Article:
Many deliberately, formally collective or collaborative art practices like that of Bernadette Corporation and the Bruce High Quality Foundation, fashionable at the turn of the twenty-first century, contrast sharply with earlier collective endeavors such as Womanhouse or entities like the Critical Art Ensemble; instead of challenging the commercial culture of the art world, their group synergy and multiple endeavors acknowledge the commercial structures of the larger world.

This is something I have noticed as well: projects that begin as seemingly progressive and then, as time passes, reveal themselves to be no different from the very commercial endeavors they claimed to be against. Do you think it is at all possible, in the current climate, where the art world is intertwined with money and commerce, for true alternative structures to appear?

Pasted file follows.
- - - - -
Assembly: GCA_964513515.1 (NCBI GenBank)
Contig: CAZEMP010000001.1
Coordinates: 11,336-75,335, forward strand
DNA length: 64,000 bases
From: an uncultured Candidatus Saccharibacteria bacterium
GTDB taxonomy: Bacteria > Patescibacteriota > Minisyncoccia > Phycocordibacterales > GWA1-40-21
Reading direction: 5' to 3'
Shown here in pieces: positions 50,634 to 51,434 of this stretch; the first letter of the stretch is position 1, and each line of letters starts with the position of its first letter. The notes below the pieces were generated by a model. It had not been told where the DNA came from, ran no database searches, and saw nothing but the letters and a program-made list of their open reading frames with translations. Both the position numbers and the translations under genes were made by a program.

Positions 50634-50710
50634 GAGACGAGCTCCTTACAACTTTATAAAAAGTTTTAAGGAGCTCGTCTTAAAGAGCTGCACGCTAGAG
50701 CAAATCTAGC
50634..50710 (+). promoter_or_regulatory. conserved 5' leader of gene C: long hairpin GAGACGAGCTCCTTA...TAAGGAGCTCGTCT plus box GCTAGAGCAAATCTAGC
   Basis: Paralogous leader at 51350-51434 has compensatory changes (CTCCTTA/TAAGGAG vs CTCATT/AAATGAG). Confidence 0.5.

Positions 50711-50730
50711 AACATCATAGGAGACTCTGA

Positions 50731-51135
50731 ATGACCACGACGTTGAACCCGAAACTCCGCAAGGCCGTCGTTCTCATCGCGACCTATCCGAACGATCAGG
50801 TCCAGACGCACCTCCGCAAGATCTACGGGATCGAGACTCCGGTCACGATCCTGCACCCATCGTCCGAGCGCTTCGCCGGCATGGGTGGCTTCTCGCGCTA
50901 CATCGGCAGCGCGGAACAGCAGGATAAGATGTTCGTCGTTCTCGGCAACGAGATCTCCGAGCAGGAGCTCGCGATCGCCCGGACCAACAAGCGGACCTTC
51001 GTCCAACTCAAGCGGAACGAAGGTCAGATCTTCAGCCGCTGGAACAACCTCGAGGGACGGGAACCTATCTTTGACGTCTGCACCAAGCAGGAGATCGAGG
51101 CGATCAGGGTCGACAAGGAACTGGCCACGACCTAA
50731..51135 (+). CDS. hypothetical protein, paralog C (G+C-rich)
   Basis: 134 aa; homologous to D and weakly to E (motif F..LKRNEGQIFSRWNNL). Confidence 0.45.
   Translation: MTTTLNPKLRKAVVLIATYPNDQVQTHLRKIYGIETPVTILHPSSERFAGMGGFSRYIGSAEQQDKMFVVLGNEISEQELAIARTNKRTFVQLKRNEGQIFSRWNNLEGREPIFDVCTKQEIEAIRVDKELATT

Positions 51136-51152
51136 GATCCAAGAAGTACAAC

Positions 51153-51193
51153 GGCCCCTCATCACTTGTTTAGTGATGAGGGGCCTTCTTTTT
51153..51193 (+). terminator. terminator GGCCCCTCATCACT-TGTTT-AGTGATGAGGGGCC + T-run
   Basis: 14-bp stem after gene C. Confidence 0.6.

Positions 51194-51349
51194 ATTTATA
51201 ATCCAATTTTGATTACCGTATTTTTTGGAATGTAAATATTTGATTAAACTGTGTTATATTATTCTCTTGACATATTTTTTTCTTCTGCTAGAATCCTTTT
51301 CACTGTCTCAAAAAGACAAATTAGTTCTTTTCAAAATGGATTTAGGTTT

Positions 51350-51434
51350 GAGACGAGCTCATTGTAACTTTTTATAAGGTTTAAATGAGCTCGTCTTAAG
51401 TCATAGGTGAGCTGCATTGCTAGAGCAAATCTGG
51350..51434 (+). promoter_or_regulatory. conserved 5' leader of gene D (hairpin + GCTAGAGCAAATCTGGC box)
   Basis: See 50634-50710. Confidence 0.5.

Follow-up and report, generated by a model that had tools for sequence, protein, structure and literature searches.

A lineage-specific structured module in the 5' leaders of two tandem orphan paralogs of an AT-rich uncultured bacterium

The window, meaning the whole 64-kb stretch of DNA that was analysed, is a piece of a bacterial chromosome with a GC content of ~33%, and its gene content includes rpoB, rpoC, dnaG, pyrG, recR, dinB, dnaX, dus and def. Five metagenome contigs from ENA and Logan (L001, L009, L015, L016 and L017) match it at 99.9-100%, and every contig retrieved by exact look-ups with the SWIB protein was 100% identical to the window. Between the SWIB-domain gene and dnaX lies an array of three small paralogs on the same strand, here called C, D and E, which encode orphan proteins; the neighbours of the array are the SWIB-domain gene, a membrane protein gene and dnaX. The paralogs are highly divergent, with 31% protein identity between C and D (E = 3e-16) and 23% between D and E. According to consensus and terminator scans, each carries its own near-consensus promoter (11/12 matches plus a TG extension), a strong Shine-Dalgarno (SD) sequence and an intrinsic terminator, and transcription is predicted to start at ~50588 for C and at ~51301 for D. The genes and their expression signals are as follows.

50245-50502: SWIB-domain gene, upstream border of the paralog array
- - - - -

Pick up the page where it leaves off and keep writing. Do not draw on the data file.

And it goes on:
Katy Siegel: Well, there are all the millions of artists who can’t make a living as an artist, and that may not be an alternative—it’s really a part of the same world—but as others have suggested, this is always a potential source of some other kind of values, some other power. Just as the unemployed and the working class are a source of potential in the larger work force, these people could always decide collectively that they want another kind of system.

Frank Auerbach, J.Y.M. Seated 1987. Oil on canvas, 20¼ x 16¼ inches.
Private Collection, New York

Guernica: Do you have any upcoming curatorial projects or books that you’re currently at work on?

Katy Siegel: Yes, a few over the next few years. I’m editing a book of Jack Whitten’s studio logs, and also a publication called “The Heroine Paint” that traces the developments in stain painting in conjunction with issues of decoration, material and control, and gender. There is a parallel exhibition that opens this spring called Pretty Raw. In the longer run, I’m working on a historical exhibition titled Organism that looks at the intersections of natural science, nature, and metaphysics, primarily in mid-century American art. That is a really rich, exciting project still in the research phase.